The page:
Last week I was at Chambers Bay, near Tacoma, Wash., site of this year's U.S. Amateur—won by Peter Uihlein—and the 2015 U.S. Open. Built on an old quarry overlooking Puget Sound, this new county-owned facility is a forward-thinking, environmentally friendly course that tries to look like Scotland. Chambers Bay (below) is flexible (it played 700 yards shorter in one round), quirky (the 5th has two greens) and unique (the 1st and 18th can play as either par-4s or par-5s), but while the course is big on ideas, it's not quite ready for prime time.
This is an article from the Sept. 6, 2010 issue
• The sandy soil dried out last week, and the course got out of control. The Open will be played in the softer conditions of June, but managing the firmness will be a challenge.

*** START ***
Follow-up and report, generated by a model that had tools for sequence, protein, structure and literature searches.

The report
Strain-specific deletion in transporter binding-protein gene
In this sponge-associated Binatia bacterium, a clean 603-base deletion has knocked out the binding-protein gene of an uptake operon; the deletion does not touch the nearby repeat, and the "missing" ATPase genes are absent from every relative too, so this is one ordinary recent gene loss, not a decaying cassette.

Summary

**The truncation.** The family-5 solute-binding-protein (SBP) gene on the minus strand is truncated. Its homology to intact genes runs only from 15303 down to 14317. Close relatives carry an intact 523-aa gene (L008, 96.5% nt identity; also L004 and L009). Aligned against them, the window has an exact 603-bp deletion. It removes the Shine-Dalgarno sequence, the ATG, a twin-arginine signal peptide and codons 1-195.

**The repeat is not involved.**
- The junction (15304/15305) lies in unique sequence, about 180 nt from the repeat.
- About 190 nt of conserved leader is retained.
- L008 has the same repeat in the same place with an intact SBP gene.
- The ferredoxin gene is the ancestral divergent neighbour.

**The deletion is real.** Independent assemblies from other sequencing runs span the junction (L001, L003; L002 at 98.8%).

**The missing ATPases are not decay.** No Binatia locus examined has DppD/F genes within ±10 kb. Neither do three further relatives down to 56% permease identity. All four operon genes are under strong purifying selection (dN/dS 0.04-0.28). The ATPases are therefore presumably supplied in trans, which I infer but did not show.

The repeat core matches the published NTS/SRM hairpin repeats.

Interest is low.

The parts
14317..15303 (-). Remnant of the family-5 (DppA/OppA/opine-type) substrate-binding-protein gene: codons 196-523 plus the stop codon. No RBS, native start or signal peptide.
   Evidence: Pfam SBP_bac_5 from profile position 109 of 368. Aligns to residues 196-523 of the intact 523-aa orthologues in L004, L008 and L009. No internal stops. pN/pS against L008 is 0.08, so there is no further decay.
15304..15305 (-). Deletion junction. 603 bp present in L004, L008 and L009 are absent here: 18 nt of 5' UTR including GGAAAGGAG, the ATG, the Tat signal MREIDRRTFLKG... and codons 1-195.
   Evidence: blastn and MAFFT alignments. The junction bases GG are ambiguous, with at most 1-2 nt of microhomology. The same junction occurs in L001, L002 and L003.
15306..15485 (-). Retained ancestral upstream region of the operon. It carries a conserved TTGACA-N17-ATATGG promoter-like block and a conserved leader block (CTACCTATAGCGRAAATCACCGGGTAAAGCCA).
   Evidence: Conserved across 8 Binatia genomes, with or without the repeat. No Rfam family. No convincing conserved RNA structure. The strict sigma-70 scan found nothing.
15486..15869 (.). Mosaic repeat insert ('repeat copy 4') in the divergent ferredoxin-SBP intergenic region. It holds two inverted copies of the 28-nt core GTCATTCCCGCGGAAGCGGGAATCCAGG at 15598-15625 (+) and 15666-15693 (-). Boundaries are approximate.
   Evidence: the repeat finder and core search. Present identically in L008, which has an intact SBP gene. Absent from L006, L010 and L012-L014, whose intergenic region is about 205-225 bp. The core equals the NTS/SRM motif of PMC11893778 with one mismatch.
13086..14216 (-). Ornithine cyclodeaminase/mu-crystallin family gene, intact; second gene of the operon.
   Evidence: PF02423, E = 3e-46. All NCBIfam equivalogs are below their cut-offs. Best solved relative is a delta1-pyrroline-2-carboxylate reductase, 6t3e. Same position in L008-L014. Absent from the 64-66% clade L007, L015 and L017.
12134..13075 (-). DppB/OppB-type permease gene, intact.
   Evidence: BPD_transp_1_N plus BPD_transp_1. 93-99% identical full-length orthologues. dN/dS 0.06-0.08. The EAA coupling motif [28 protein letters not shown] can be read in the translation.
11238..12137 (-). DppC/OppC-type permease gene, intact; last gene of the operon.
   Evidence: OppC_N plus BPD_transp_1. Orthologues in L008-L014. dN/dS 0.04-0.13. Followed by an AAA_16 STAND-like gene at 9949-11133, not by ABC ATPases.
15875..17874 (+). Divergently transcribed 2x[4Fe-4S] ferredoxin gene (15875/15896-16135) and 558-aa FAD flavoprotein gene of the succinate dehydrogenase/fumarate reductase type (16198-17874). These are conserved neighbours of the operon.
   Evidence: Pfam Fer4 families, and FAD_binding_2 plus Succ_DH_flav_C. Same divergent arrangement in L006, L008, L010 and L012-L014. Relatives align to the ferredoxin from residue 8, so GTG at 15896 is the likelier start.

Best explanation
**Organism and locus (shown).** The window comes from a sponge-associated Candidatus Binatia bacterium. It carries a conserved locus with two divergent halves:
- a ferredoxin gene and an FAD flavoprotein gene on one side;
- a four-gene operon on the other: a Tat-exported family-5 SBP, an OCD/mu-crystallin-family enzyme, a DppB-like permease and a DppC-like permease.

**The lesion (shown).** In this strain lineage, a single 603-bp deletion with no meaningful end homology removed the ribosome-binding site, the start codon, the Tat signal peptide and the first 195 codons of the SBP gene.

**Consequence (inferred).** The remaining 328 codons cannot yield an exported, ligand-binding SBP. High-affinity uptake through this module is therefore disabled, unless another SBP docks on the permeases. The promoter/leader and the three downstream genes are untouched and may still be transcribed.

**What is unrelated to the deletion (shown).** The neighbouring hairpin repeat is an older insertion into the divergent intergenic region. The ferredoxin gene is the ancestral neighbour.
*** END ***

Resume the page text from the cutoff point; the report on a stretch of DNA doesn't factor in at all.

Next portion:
• The extreme slopes around the greens make the penalty for hitting a poor shot greater than the reward for hitting a good one. The Open should identify a golfer's skill, not his luck.
• A true links doesn't have elevation changes like those at the par-3 9th or 15th. More important, the slick, dry rough and steep slopes are a dangerous combination for galleries.
• It's a terrific site for match play, where making a huge number means losing only one hole, but attempting to shoot a 72-hole score on such an extreme course could get ugly. I saw more four-putts than I thought possible from the world's top amateurs.
• With so many holes playing so many different ways, practice rounds become a guessing game, and play approaches six hours. That's not my idea of sustainability in golf.
Dottie Pepper is a 17-year LPGA veteran and golf analyst for NBC.